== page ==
Hello and welcome to the second edition of the ACC Roundtable. I will be your gracious host this week. The roundup of everyone’s answers will be posted later today.
Okay, first things first: could someone please explain what the hell just happened this past Saturday?
I’ts not very often that three on one conference’s “top” teams lose on the same day. Conversely, the ACC has been a league completely devoid of frontrunners in 2008. Most experts kind of had a hunch that would be the case coming in to the season, but certainly not to the extent that the unanimous preseason favorite might not go bowling (which very well may be the case with 3-4 Clemson, who only has one FBS win).
There were some overriding factors, though. Maryland is especially tough at home, where they’ve had their more impressive performances this season. UNC hasn’t won in Charlottesville in the Welsh/Groh era. But the biggest factor that led to the three favorites losing is that they scored 19 points on offense in regulation. Combined. You can’t win ball games with offenses that are so…well, offensive.
Ha ha! Bad puns!
Still, we are the designated bizarro conference, and nothing should come as a surprise to us anymore.
Good Maryland, bad Maryland. We’ve seen a fair share of both in 2008. Good Maryland may be the best team in the ACC, while bad Maryland could probably lose by 20 to anyone left on their schedule. Which Maryland do we see for the rest of the season and where do you expect the Terps to finish?
it all comes down to consistency and circumstance. The Terrapins clearly have the offensive tools to compete with anyone left on their schedule: Chris Turner, Darius Heyward-Bey, and a solid rushing attack led by Da’Rel Scott. And having a good offense can be the difference in teh ACC, where everyone has a passable defense.
After hosting NC State, thee Terps have four games against some of the better teams in the conference (@VT, UNC, FSU, @BC). You can pretty much guarantee that they are going to drop at least one of those games (UNC please!). In my opinion, the Terps can finish as well as 6-2 in the ACC and 9-3 overall. Is that good enough to win the Atlantic? who knows.
Injuries are a part of college football, but they seem to have ravaged ACC offenses this year. Wake Forest has been without Sam Swank, Clemson is without C.J. Spiller, UNC is without T.J. Yates and Brandon Tate, Virginia Tech is without Kenny Lewis Jr., and NC State is without just about everybody. Which team misses their fallen star(s) most and why?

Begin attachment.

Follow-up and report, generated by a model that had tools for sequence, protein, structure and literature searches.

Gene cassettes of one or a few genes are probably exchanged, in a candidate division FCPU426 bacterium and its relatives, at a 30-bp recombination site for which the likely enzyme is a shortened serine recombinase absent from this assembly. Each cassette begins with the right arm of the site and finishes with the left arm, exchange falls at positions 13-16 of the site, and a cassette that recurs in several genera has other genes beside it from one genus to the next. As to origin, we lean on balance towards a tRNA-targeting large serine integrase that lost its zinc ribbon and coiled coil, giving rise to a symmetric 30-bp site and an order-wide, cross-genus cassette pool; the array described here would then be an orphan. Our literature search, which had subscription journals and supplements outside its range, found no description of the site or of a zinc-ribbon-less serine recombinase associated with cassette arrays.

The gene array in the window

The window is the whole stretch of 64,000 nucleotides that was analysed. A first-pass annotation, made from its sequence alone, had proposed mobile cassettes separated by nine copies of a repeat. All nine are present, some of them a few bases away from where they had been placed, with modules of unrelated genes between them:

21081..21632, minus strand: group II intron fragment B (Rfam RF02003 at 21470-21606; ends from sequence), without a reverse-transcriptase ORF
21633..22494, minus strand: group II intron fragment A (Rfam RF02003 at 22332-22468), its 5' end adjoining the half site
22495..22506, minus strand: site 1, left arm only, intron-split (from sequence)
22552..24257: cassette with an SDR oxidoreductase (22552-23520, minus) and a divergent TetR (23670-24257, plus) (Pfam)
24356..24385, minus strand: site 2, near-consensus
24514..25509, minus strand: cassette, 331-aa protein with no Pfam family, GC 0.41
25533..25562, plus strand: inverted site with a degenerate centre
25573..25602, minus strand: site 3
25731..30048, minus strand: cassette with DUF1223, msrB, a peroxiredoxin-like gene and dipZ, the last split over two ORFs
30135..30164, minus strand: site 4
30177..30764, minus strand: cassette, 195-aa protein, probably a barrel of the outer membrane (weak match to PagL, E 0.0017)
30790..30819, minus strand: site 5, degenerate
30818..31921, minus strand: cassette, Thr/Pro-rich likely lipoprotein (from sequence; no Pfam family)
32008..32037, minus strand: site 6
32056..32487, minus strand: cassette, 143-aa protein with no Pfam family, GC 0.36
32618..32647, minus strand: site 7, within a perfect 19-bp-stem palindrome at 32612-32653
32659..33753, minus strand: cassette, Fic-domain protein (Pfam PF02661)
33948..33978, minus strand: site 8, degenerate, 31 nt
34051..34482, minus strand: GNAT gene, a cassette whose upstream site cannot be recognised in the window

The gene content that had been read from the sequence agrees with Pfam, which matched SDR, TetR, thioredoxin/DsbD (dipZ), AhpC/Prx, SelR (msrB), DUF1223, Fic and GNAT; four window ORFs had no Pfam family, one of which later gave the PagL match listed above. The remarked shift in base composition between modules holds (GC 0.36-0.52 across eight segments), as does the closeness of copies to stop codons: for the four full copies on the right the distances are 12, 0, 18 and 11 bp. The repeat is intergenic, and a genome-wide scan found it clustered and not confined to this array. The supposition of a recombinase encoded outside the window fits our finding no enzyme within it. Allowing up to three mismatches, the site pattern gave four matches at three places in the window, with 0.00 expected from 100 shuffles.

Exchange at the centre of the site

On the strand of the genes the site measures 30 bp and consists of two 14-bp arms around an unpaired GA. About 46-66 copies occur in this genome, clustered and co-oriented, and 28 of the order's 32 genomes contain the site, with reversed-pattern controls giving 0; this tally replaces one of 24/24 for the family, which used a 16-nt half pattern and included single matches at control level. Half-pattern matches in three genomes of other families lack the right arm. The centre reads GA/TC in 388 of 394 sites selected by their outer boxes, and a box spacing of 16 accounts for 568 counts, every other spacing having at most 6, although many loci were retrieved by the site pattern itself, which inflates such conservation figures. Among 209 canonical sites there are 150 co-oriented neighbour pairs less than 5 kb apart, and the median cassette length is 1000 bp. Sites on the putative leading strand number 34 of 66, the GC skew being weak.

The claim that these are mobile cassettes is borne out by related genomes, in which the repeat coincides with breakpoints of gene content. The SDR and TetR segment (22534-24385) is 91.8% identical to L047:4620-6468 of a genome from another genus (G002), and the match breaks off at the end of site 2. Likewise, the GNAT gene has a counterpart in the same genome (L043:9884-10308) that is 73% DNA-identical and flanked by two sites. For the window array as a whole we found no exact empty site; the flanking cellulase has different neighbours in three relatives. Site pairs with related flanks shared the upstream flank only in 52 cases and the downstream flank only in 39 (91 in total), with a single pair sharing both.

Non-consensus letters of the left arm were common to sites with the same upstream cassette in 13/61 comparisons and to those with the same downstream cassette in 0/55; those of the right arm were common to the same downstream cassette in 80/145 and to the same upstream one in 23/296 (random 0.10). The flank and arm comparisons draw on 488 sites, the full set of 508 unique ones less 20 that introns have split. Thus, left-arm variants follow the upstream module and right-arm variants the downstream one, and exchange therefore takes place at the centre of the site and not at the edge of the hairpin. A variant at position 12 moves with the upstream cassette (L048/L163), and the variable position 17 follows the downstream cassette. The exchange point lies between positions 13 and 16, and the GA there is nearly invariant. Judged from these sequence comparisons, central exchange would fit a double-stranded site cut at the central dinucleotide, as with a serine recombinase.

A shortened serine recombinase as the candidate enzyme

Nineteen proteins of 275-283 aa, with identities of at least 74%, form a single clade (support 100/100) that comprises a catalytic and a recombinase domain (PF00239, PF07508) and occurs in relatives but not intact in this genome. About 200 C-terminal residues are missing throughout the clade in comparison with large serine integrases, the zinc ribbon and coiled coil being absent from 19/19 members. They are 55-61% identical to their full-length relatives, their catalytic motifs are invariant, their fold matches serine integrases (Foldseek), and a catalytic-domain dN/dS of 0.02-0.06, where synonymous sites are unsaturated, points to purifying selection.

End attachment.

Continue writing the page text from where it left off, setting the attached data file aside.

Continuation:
Losing Sam Swank hurts, especially because the offense goes from “guaranteed to score if you get inside the 35” to “he might shank the extra point”. However, I should be able to expect the likes of Riley Skinner, Josh Adams, D.J. Boldin and offensive coordinator Steed Lobotzke to score more than one touchdown in three conference games.
Photo: W-S Journal
I am very, very tempted to say Yates or Tate here, since I have bore witness to every minute of their absence, and both are vitally important to the Heels’ offense. UVa game aside, Cam Sexton has stepped in admirably for the injured Yates, going 3-1 as a starter and exceeding all expectations that anyone had of him coming into the season. However, one has to consider the circumstances of UNC’s two losses. If Yates is healthy, UNC wins these two games against Virginia Tech and Virginia. (Of course, they may have lost those close games against Miami and Notre Dame and we’d be sitting at 5-2 anyway. Such are the murky waters of the “what ifs”.)
Last one: the pretty much unanimous (predicted) division champs were Virginia Tech and Wake Forest last week. Given all the craziness that just happened, give us your updated ACC Championship scenario.
Well, this is a Bizarro conference, so how about a Bizarro answer: Florida State-Miami.
Miami is still only a two loss team, and they may have found their offensive solution in Jacory Harris. The Hurricanes certainly have as talented a team as anyone in the ACC. Most importantly, however, they have circumstance on their side. Three of their remaining games in November are against current Coastal frontrunners Virginia Tech, Georgia Tech, and Virginia. If they win out, the Canes hold all the tiebreakers against those teams. They would only need the Tar Heels to lose a third conference game, and that shouldn’t be too difficult.
As for Florida State, they only have only loss (to Wake). Much like Miami, the Seminoles have the fortune of circumstance. They can take out two of their opponents, Maryland and BC, to end their conference schedule. They just have to make it through the Techs unscathed first.
So why not Miami-Florida State? It makes about as much sense as anything else that’s happened so far.